January 17th, 2007, 22:37 Posted By: wraggster
PS3 games like Resistance: Fall of Man and the upcoming Motorstorm already look fantastic. Sony CEO Howard Stringer (right) argues that these games are barely using 25% of the system's "bandwidth." He also thinks Sony can break even on PS3 costs at the end of this year.
In a new interview with CNET, Sony CEO Sir Howard Stringer shared his feelings on how the PlayStation 3 has been faring thus far and what he sees for the future of the PlayStation business.
Although there was a lot of negativity surrounding Sony from E3 up until launch last year, and the PS3 was hurt by shortages of blue laser diodes, Stringer believes that everything turned out rather well. "... We're now very comfortable with our research program for PlayStation 3, which one researcher recently described as the Mercedes of games players, for obvious reasons. The million is more than we delivered of PlayStation 2 so, for all the anxiety, I think PlayStation 3 is well on the way to living up to that promise. That's a good sign," he remarked.
Interestingly, Stringer also noted that current software offerings for the PS3 would seem to be using only a quarter or less of the console's total power. "Lost in the shuffle is the fact that the current games that are out there are only using about 20 percent to 25 percent of the [PS3's] bandwidth. Once the publishers' excitement reaches a level of intensity that they start using more of the bandwidth, that will create additional excitement," he said.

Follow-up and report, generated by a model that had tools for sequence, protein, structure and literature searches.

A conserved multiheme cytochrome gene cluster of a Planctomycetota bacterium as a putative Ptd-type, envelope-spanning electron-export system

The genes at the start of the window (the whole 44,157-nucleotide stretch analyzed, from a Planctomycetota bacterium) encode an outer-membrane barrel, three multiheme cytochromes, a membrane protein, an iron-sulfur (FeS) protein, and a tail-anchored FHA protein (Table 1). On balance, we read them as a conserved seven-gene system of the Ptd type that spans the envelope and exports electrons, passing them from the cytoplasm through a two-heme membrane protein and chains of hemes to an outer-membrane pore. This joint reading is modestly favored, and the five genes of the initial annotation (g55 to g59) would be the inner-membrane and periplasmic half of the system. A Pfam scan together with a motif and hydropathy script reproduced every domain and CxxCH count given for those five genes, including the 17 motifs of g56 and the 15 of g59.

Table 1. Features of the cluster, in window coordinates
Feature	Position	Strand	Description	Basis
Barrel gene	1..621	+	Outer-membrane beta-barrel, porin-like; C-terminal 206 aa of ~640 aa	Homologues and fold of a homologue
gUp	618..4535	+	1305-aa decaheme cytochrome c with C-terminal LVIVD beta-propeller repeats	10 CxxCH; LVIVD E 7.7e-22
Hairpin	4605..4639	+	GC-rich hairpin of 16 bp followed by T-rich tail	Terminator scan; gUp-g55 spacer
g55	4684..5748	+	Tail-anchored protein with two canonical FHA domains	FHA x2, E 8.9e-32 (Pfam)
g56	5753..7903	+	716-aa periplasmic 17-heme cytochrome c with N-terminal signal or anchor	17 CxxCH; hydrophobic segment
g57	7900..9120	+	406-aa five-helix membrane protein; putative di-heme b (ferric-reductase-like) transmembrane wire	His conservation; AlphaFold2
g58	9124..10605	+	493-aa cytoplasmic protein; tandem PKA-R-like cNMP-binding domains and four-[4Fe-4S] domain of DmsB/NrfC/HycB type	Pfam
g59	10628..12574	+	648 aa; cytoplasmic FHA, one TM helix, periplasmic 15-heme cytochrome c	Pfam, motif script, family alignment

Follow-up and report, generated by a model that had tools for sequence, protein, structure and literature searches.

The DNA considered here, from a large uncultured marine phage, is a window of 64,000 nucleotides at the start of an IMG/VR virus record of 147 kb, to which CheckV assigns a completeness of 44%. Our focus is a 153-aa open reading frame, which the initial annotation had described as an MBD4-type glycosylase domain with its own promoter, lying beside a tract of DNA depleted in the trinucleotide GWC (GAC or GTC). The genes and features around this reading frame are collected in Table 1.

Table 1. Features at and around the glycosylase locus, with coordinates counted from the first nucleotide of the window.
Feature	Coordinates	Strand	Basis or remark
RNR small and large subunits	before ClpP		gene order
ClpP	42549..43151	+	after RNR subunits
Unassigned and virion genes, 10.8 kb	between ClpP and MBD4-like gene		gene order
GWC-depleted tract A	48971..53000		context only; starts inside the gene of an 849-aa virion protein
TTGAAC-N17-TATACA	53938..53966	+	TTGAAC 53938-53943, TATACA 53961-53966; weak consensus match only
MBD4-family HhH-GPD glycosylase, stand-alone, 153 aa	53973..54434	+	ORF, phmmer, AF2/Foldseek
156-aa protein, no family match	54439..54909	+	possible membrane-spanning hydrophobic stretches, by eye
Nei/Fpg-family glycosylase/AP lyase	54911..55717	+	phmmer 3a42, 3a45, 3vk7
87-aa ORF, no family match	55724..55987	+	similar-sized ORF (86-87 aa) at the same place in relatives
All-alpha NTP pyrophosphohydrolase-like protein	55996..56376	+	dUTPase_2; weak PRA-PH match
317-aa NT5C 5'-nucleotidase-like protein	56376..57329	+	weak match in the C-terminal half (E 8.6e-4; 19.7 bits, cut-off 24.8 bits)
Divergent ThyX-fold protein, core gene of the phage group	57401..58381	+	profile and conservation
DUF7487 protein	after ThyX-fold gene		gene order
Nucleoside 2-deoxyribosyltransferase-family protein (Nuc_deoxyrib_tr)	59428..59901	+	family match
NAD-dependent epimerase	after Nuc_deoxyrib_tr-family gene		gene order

It's no secret that the new Blu-ray hi-def format is a key part of Sony's PS3 strategy. Some have argued that just because someone owns a PS3 that doesn't mean that consumer is playing Blu-ray movies on it. Stringer, however, believes that the vast majority of PS3 owners have in fact been converted to Blu-ray users. "I'd say 90 percent of the people who (own) PS3s are playing that Blu-ray disc on it or playing other Blu-ray discs on it. Contrary to some of the reports, it is an effective Blu-ray player. The people who like Blu-ray are the people who play PlayStation 3, just as people who play PS2s were the early proponents of the DVD format. It drove the DVD format," he asserted.
The combination of Blu-ray and a Cell processor is an expensive proposition for the consumer and Sony itself. A recent analysis by iSuppli indicated that Sony is losing somewhere in the range of $300 per unit. That said, Stringer believes that the console can break even at the end of this year.
"I think Kutaragi-san (PlayStation chief Ken Kutaragi) said that it would be break-even by the end of the year, at the end of '07. PS2 was not profitable in the first year. You make it up on the content as the content gathers momentum, the licensees from that and so forth," he explained.
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